In normal (non-fasting) humans, the body runs on approximately 60-70% fat and 30-40% carbs in the resting state. This distribution changes towards a higher reliance on glucose, as the exercise intensity increases.
In women, resting metabolism is skewed slightly towards more to the “fat side” than is the case for men. This is one of the reasons it is said that female metabolism is better suited for ultra-endurance events. During fasting, the body’s carbohydrate stores are quickly depleted (

 Short-term fasting

During short-term fasting it has also been shown that women more readily adapts to metabolizing fat as the primary substrate. Thus, in short-term fasting, women have larger decreases in insulin and larger increases in glucagon, cortisol and growth hormone (all of these hormones serve to mobilize energy stores), and lower levels of circulating amino acids, compared to men (Mittendorfer et al 2001, Merimee et al 1973, Merimee et al 1978, Soeters et al 2007). All of these traits support the notion that women are better at changing to fat utilization in the short run. While one might think that the cortisol increases would possibly result in a greater breakdown of muscle, the lower circulating levels of amino acids indicates that this is not the case, since the only source of plasma amino acids during fasting, are derived from tissue breakdown. This is further confirmed by lower excretion of total nitrogen in urine (urine nitrogen is produced during protein breakdown).
In short, these gender differences in humans generally reflect the conditions in rodents, as described in an early review by Katherine Hoyenga (Hoyenga et al 1982). While I don’t know if this difference is present in all other vertebrates, I suspect that it’s partly related to the fact that in mammals, the mother should be able to mobilize fat efficiently during breastfeeding and that this effect has some carryover during times of famine.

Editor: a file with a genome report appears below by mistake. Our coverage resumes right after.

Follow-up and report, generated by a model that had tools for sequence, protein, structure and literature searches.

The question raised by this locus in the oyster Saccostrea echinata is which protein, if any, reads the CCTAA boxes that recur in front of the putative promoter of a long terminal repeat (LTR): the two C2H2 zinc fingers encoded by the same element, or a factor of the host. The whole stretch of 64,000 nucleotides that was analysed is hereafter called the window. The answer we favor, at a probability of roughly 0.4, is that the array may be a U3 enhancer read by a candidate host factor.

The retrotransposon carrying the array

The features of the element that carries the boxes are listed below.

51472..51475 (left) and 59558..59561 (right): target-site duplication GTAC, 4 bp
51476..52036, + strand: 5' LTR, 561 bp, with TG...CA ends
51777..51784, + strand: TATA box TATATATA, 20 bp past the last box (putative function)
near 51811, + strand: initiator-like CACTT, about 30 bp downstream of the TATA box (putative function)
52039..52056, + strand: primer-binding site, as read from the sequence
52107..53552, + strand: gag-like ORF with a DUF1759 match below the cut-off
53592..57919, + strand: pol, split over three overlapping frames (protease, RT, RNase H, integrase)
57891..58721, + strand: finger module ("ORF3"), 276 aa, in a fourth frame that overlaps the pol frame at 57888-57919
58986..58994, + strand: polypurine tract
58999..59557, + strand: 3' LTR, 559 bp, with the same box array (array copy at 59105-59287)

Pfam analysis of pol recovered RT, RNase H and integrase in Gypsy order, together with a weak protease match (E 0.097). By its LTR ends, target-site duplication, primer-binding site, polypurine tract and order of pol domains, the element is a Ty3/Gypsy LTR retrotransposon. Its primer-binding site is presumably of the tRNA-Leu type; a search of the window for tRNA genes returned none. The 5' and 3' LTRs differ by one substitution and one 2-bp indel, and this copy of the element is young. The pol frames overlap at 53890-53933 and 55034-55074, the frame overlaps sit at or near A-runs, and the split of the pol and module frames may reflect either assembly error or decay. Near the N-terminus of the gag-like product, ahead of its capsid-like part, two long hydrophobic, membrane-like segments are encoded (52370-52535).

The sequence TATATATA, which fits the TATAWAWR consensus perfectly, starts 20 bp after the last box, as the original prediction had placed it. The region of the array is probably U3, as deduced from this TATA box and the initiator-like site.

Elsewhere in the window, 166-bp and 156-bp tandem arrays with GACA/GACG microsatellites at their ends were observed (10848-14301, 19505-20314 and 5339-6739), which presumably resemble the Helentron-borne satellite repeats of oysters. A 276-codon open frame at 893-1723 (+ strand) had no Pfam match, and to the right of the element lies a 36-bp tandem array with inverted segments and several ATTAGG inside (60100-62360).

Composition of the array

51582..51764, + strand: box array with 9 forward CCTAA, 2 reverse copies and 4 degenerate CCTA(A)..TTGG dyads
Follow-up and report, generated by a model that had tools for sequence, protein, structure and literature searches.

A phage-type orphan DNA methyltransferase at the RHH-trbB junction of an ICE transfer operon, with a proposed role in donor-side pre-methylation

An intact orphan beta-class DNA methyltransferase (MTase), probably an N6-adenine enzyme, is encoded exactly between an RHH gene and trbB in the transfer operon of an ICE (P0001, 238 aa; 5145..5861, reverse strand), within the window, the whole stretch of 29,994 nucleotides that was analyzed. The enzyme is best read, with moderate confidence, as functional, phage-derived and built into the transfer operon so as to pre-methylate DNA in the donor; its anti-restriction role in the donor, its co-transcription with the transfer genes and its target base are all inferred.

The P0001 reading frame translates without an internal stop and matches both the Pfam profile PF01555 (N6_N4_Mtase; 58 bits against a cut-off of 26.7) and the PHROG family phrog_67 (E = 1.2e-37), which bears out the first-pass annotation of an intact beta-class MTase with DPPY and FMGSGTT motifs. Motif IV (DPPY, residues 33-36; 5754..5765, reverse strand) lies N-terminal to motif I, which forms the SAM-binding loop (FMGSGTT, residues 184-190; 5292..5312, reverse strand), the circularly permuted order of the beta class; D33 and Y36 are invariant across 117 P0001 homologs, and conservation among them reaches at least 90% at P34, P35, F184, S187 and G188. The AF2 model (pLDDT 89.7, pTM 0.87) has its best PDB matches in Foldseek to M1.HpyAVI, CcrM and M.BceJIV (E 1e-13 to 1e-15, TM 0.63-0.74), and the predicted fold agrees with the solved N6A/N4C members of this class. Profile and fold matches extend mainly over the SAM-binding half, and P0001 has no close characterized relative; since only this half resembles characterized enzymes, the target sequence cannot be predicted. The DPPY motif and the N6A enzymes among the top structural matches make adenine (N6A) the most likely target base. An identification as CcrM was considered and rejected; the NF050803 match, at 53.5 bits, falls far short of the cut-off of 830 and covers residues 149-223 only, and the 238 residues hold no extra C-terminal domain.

What about long-term fasting or caloric restriction?

There are few studies looking into human sex differences in the response to sustained fasting. The only one I have been able to dig up, is the study by Runcie and co-workers (Runcie et al 1974) with 30 days of fasting in 76 subjects of both genders. This study shows that sustained fasting is tolerable across genders and that the relative weight loss is comparable between men and women. Unfortunately, the scientists in that study did not look into hormone levels, subjective experiences or habitual activity levels. The authors did comment that the females appeared slightly more heterogeneous with respect to habitual activity levels, both before and during the fasting period, but did not claim that the average female response appeared different from the male’s. Also, there are a number of newer, shorter duration fasting studies (3-14 days). In general they report weight loss (DUH!) and an improved metabolic profile.

An interesting point should be made at this time; following sustained fasting, glucose tolerance upon resuming feeding is impaired for a short time (Horton et al, 2001). While there is no science on how long this effect persists, committed fasters with blood glucose meters have told me that this happens only during the first meal following a fast. Thus, although, the metabolism seems to benefit overall, there is a transient impairment of glucose control.

Glucose and insulin response to glucose challenge following 72 hour fasting (Horton et al, 2001)